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Multicultural White Supremacy and Heteropatriachy: Fostering Insurgent Scholarship in the Academy PDF-NOTE: Internet Explorer Users, right click the PDF Icon and choose [save target as] if you are experiencing problems with clicking. Print

Andrea Smith, University of California, Riverside

Andrea Smith is a cofounder of the Critical Ethnic Studies Association and is associate professor of media and cultural studies at the University of California, Riverside.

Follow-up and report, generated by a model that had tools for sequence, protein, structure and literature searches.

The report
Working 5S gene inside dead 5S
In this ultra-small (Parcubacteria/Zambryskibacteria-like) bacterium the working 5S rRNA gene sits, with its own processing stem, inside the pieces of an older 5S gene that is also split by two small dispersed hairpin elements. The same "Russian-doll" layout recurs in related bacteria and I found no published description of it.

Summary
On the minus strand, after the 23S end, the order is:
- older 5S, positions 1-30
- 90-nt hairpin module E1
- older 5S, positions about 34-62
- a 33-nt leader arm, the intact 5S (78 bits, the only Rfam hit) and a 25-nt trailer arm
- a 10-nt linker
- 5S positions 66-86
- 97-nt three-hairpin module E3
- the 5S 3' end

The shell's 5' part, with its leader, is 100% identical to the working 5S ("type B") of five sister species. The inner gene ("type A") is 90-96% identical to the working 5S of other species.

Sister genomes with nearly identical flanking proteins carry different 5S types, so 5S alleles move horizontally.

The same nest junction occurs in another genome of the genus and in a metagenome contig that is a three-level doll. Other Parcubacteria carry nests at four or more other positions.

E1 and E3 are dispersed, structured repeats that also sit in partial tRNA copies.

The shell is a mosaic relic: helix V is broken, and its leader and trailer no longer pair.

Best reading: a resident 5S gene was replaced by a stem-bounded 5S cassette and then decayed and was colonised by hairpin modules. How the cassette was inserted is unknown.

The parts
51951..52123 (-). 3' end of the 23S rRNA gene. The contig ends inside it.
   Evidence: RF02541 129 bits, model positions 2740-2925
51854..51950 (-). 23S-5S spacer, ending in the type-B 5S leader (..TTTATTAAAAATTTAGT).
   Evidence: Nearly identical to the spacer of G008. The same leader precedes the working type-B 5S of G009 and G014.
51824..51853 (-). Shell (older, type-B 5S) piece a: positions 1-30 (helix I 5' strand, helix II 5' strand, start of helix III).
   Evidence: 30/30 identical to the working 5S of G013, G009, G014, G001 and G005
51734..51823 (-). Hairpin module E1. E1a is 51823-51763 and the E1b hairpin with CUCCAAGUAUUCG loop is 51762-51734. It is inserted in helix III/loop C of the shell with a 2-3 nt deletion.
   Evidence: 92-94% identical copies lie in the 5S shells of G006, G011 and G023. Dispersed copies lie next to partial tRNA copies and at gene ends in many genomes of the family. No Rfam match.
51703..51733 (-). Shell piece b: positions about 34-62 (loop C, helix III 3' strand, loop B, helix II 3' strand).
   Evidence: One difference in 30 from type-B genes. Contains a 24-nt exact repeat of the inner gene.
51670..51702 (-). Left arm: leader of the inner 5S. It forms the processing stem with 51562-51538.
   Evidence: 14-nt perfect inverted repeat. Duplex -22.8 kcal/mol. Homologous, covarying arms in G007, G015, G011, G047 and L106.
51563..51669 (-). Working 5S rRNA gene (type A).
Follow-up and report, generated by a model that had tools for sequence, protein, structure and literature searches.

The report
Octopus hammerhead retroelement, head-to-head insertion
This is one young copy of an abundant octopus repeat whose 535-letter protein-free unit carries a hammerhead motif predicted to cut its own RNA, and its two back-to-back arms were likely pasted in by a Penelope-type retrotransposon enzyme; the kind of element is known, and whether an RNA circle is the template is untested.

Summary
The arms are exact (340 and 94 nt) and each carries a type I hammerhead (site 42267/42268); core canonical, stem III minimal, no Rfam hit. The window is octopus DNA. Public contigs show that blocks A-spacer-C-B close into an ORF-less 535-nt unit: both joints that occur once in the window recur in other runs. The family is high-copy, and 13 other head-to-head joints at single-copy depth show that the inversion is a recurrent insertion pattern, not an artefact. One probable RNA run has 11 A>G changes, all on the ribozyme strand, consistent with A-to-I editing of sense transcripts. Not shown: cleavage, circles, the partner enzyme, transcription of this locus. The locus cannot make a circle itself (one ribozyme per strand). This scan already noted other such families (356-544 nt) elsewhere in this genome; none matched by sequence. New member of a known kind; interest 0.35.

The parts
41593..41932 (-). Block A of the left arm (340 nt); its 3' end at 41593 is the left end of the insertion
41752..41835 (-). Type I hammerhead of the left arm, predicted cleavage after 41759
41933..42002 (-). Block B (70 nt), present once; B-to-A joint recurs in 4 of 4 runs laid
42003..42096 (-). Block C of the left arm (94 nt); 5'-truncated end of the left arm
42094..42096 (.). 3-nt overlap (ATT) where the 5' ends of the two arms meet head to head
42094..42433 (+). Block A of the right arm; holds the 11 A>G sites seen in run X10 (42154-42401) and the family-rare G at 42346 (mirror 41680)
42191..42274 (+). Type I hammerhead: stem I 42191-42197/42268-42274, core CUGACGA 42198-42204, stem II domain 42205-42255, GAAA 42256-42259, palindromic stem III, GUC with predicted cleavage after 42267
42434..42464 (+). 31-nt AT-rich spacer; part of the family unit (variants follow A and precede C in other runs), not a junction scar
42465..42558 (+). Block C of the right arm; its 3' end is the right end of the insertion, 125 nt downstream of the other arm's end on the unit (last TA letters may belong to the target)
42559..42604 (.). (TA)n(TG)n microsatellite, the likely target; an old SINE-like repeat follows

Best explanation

With the attacks on ethnic studies and affirmative action in Arizona and elsewhere, people of color often find themselves in a defensive position of trying to “save” ethnic studies and multicultural education from the state. In doing so, however, we presume that ethnic studies and multicultural education is a gift of the state and that the state can take them back. In fact, gender and ethnic studies did not develop because educational systems suddenly decided “We’re racist and sexist. We should do something about that.” Rather, they emerged as a result of movements for racial and gender justice that forced universities to incorporate gender and ethnic studies. Once these movements become incorporated into the academy, however, scholars in these fields often cut themselves off from the movements that enabled these fields to be in the academy in the first place. A consequence is that the larger political vision behind the struggle for ethnic studies and women’s studies becomes diminished into a politics of representation. The people who challenged white supremacy in the educational systems of the 1960s did not fight for affirmative action, more tenure positions for women and people of color, and simple curriculum reform — they fought for a liberatory educational system that would be accountable to the community. Affirmative action and multiculturalism is what they got.